Last month, the Great Bluegrass Stockyard Fire of 2016 set the hearts of Lexington aflame with compassion for the poor lost bovine souls within. The pillars of smoke could be seen for miles, even on the UK campus, though the true cause of the fire remained unknown for several hours.
“I figured it was a more extreme version of the Legendary Runaway Cow Of 2015,” said Olivia O’Leary, a psychology major. “Rather than just one cow escaping its unfortunate end and causing hilarious UK Alerts in the middle of class, the dozens of cows at the stockyard must have herd the call of the wild and decided it was time to band together and moooove on. They wanted to all escape together, and really steer their lives in a more exciting direction.”
“Actually, I think it was the ghost of the cow that started the Great Chicago Fire, trying to start beef with the farmers of Kentucky as some sort of misguided revenge,” said Bessie Bluesnout, a freshman with a gold nose ring.
“I can confirm that the actual source of the fire was, in fact, my mixtape. Because it is fire. In that it destroys valuable property and livestock, and smells like funky fresh rhymes. Just like all fires do,” said Jeff Stephenson, whom we did not actually ask to comment, and who simply felt like he should chime in and waste our reporter’s valuable time. Stupid Jeff.
“Maybe the cows were just trying to drive away! I read a book about that one time. It had a lot of pictures. It was nice. I didn’t even know cows cud drive! They probably just crashed their Cattle-ac and then the explosion reacted badly with all the builtup methane,” speculated a Mr. F. Arthur, a UK Dining employee, as he prepared a three-bean “vegetarian” chili.
“Wait, why’d you write ‘Stupid Jeff’ in your cow fire article? That was fucking funny! This is bullshit,” said a source that shall remain unnamed, and who also is Jeff.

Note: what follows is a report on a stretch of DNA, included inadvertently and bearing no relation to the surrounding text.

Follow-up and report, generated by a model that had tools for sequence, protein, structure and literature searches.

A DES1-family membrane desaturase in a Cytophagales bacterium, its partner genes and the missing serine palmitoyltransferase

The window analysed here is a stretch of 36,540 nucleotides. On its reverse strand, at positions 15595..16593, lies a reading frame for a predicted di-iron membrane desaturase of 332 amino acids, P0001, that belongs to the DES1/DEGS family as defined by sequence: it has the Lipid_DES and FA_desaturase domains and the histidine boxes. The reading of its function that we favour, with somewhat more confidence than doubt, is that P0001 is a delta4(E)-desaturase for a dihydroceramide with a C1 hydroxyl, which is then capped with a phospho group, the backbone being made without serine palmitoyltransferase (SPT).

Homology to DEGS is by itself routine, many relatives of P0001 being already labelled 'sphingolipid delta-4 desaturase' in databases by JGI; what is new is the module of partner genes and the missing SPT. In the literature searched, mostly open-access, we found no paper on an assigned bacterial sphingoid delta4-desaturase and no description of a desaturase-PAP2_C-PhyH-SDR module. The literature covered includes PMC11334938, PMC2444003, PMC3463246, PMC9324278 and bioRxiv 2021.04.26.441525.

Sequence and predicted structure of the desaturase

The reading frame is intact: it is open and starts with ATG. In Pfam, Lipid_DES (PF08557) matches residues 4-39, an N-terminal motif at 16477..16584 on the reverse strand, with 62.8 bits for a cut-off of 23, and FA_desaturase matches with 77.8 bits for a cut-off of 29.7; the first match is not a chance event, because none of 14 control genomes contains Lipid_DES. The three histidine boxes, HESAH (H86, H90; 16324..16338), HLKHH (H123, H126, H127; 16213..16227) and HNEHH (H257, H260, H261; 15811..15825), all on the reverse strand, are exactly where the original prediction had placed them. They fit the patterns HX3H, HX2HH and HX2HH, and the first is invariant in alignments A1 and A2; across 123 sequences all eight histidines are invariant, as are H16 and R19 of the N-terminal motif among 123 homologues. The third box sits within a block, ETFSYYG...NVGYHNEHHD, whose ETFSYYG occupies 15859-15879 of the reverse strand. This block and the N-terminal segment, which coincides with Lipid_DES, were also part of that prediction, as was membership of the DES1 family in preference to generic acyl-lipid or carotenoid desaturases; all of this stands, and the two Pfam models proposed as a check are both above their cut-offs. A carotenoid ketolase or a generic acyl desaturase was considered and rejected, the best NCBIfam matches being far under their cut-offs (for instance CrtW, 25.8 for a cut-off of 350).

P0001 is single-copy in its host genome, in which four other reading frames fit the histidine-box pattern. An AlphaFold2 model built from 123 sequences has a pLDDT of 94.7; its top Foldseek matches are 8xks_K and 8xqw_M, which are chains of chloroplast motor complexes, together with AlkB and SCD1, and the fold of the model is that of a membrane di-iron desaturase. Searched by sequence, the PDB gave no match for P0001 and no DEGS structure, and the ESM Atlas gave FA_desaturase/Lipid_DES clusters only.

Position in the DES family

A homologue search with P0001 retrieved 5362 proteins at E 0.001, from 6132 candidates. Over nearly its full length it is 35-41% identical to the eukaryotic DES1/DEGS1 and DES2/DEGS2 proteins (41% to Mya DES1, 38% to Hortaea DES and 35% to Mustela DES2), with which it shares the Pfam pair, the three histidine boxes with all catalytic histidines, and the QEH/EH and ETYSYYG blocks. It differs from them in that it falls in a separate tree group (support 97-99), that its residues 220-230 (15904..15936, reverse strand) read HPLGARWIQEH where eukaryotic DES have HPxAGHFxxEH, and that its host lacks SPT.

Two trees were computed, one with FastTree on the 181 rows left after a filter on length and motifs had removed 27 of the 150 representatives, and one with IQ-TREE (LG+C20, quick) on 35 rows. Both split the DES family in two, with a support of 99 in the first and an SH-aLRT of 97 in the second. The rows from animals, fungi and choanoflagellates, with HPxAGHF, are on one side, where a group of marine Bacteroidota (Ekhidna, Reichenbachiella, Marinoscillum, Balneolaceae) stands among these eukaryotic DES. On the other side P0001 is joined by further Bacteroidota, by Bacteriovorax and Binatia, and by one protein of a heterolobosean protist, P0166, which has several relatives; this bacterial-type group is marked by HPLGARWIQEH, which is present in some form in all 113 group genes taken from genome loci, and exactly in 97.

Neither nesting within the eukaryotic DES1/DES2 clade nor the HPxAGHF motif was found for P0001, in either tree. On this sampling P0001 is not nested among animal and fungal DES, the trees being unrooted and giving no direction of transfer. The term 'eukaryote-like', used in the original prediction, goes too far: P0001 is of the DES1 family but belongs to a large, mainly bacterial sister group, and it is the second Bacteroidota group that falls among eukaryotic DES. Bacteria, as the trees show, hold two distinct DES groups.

“A big part of the problem was that ‘cow’ and ‘couch’ sound very similar,” confirmed Fire Chief Ron Burlyman. “Roundabout these here parts, people set couches on fire all the time, so we didn’t really rush to put that out, figurin’ we’d just wait until March Madness started and put out all the couch fires at once, to save time. But then, ohhh then,” the fireman shuddered as he remembered the day of the fire.
“The milk contained within the poor burning cows’ udders began to shake, as the cows mooved about in distress, really trying to hoof it out of there. And when that milk shook, all us boys were called, against our wills, to the yard. The stockyard, that is.”
“It was fuckin’ weird,” said Daphne Blazem, the resident firewoman. “Their eyes all glazed over and they just walked like frikkin’ zombies to the stockyard. I was the only one who thought to bring the damn fire truck. I swear, they’re lucky to have me around. I mean, it didn’t help the cows none. They’re still pretty dead. But we put out the fire, at least.”
“What do I think about the cow fire? I think that journalists make me horny. Ha ha, get it? Because cows have horns? Or maybe that’s bulls. Wait, come back! I’m trying to flirt with you,” said some asshole with a BA in BS, who is definitely Jeff.
“Yeah, the fire was actually started when some PETA activist threw a fake cow over the wall of the stockyard in what they claim was an attempt to save the ‘potential unborn cows’ inside the cows at the stockyard from certain death and all that. The fake cow was filled with lit explosives, though, so really they just ended up killing twenty cows. Not sure they thought that plan of theirs through,” said stockyard owner Butch Erthem.
Thoughtfully, UK Alerts sent out a message the night after the fire was extinguished, waking students up at 3 AM with an informative phone call that reminded students that they were not currently in danger of being set on fire.
By Rosie Summers